The simulations using the framework developed suggested that irrespective of the beliefs of the representative individual, the optimal subsidy policy of the health planner would involve a shared subsidy on RDT and ACT. In other words, the individual with fever would not be incentivized to behave appropriately through a subsidy on the RDT or the ACT alone. Even in a situation where the individual has high trust in both positive and negative RDT results, it would still be necessary to subsidize both the RDT and the ACT. Simulations further found that the optimal policy incorporated a high subsidy on RDT and a more moderate subsidy on ACT (Table 2). Previous empirical research has provided some support for a combined subsidy. Cohen et al. [21] provided subsidized RDTs to drug shops in Uganda but no subsidy on ACT treatment and found that among customers buying RDTs only 32% of RDT-positive patients purchased an ACT. Contrary to this, the introduction of both subsidized RDTs and ACT medicines in Ugandan drug shops resulted in high willingness to purchase an RDT before treatment and with almost all RDT-positive customers also buying an ACT and RDT-negative patients not buying an anti-malarial [40]. A similar study involving a combined subsidy among Kenyan drug shops also improved appropriate behaviour among drug shop customers but to a lesser extent [22]. These studies therefore point to different subsidy recommendations than the original AMFm approach which proposed subsidizing only ACT at a very high percentage of up to 95% of the manufacturer price [27]. The main objective of the latter was improving access to high quality ACT medicines and less concern for overprescription of ACT to patients with no malaria parasites in their blood [26].

It was found that a solution to the decision problem could not be identified in all situations including if the individual was highly convinced that his fever was malaria even before considering a test and at the same time had a very high distrust in a negative RDT result. Such an individual would prefer to purchase an anti-malarial without first taking a test as was also confirmed for some settings in a model-based study involving six African countries [41]. Qualitative research has confirmed that some patients and child caregivers indeed have confidence in their own ability to recognize malaria symptoms [37, 38]. In addition, perceived benefits of parasitological diagnosis among customers in the private sector are negatively affected when the risk of taking anti-malarials is perceived to be minimal, the concerns for delayed treatment of the true cause of fever if not malaria are minimal or believing more in an approach where different drugs are taken until one proves effective (diagnosis-by-treatment) [37, 38, 42]. If such perceptions are common, the subsidy instrument must be supplemented by a behaviour change communication campaign addressing unfortunate behaviours in a particular community.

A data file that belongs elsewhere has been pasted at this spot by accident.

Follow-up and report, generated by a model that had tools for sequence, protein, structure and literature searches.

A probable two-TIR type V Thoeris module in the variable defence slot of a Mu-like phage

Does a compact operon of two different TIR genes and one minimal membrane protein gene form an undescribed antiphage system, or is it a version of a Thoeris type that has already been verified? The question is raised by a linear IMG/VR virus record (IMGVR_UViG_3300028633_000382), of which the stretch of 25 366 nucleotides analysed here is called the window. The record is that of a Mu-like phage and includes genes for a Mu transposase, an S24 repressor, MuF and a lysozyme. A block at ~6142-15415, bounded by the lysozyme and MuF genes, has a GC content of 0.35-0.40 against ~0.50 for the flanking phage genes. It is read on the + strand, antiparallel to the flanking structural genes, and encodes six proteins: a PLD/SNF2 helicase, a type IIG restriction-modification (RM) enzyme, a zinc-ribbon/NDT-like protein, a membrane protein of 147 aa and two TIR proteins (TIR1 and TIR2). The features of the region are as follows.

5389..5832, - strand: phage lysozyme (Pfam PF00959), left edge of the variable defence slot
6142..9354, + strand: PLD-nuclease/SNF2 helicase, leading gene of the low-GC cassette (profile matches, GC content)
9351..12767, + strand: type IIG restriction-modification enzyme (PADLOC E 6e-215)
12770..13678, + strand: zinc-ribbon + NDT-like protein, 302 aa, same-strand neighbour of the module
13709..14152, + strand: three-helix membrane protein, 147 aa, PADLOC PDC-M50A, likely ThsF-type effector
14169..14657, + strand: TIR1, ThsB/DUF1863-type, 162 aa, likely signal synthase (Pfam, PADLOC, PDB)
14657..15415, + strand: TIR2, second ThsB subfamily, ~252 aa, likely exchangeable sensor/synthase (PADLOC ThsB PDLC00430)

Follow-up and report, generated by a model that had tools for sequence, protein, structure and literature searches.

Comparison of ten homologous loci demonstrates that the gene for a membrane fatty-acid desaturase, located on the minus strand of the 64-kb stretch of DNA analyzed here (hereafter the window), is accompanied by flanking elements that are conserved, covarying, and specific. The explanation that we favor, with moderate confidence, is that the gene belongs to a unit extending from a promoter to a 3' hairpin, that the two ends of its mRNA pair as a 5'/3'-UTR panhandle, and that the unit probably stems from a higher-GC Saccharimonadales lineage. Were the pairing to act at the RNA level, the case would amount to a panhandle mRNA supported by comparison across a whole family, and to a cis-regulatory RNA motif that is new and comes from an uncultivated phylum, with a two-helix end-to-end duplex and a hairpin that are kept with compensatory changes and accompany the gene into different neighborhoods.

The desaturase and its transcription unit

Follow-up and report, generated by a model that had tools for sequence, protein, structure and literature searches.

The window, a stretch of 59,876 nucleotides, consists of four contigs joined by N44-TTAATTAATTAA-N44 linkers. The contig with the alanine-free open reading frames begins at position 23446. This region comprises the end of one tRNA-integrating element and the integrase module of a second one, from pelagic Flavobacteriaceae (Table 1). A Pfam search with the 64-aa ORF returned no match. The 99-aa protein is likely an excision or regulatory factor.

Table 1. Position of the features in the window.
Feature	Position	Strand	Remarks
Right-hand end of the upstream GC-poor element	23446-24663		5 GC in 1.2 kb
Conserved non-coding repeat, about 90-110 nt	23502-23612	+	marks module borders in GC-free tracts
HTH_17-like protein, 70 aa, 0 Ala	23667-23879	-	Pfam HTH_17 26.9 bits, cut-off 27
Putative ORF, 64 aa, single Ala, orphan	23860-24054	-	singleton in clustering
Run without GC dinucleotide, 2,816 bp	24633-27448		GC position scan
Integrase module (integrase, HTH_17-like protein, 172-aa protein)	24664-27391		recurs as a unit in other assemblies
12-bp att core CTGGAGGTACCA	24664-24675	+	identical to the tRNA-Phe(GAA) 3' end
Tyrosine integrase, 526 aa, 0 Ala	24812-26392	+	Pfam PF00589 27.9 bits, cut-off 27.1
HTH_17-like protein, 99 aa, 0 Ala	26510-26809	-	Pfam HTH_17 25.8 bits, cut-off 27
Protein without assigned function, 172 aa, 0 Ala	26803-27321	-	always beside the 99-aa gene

A key parameter influencing the optimal subsidy structure in the present model is the degree of belief in a negative RDT result. The higher the mistrust in a negative RDT result, the higher a subsidy on RDTs is required. Mistrust in negative test results has been a matter of great concern for a long time in malaria care and several studies have indeed demonstrated a significant tendency to disregard negative RDT and microscopy results both among health providers and patients [22, 37, 43]. However, more recent studies indicate a higher belief in negative test results e.g. Mbonye et al. [40]: Following an information campaign on the advantages of RDTs and ACT treatment for malaria, RDTs were introduced in drug shops in an area of Uganda. The study found a high willingness to purchase a subsidized RDT among drug shop customers with fever and a nearly complete acceptance of negative RDT results as measured by the finding that almost all RDT-negative customers did not buy an ACT. This is encouraging since a high level of belief in the accuracy of the RDT will in the model require a lower RDT subsidy and lead to a lower overall subsidy cost.

The model developed for the presented analysis is a simplification in at least three respects. It was assumed that there is only one representative individual (or many identical individuals), that there are no drugs for non-malarial fevers offered at drug shops and that drug shops have a very simplified behaviour limited to wanting to sell RDTs and anti-malarials at the market price or at the subsidized price without any other considerations such as maximizing their own profit. One first possible expansion of the model could be allowing for many individuals with heterogeneous beliefs in for instance negative RDT results or the conviction that their fever is malaria. This would not change the health planner’s decision problem in principle, but instead of one set of constraints ensuring that the representative individual prefers the appropriate treatment strategy to any of the other strategies, it would require at set of constraints for each type of individual. It is also likely that the health planner is not able to find an RDT and ACT subsidy allocation that will simultaneously ensure appropriate behaviour in all drug shop customers. As shown above, individuals with certain beliefs cannot be incentivized into appropriate behaviour through the use of subsidies. The health planner will therefore have to decide on the minimum acceptable share of drug shop customers behaving appropriately.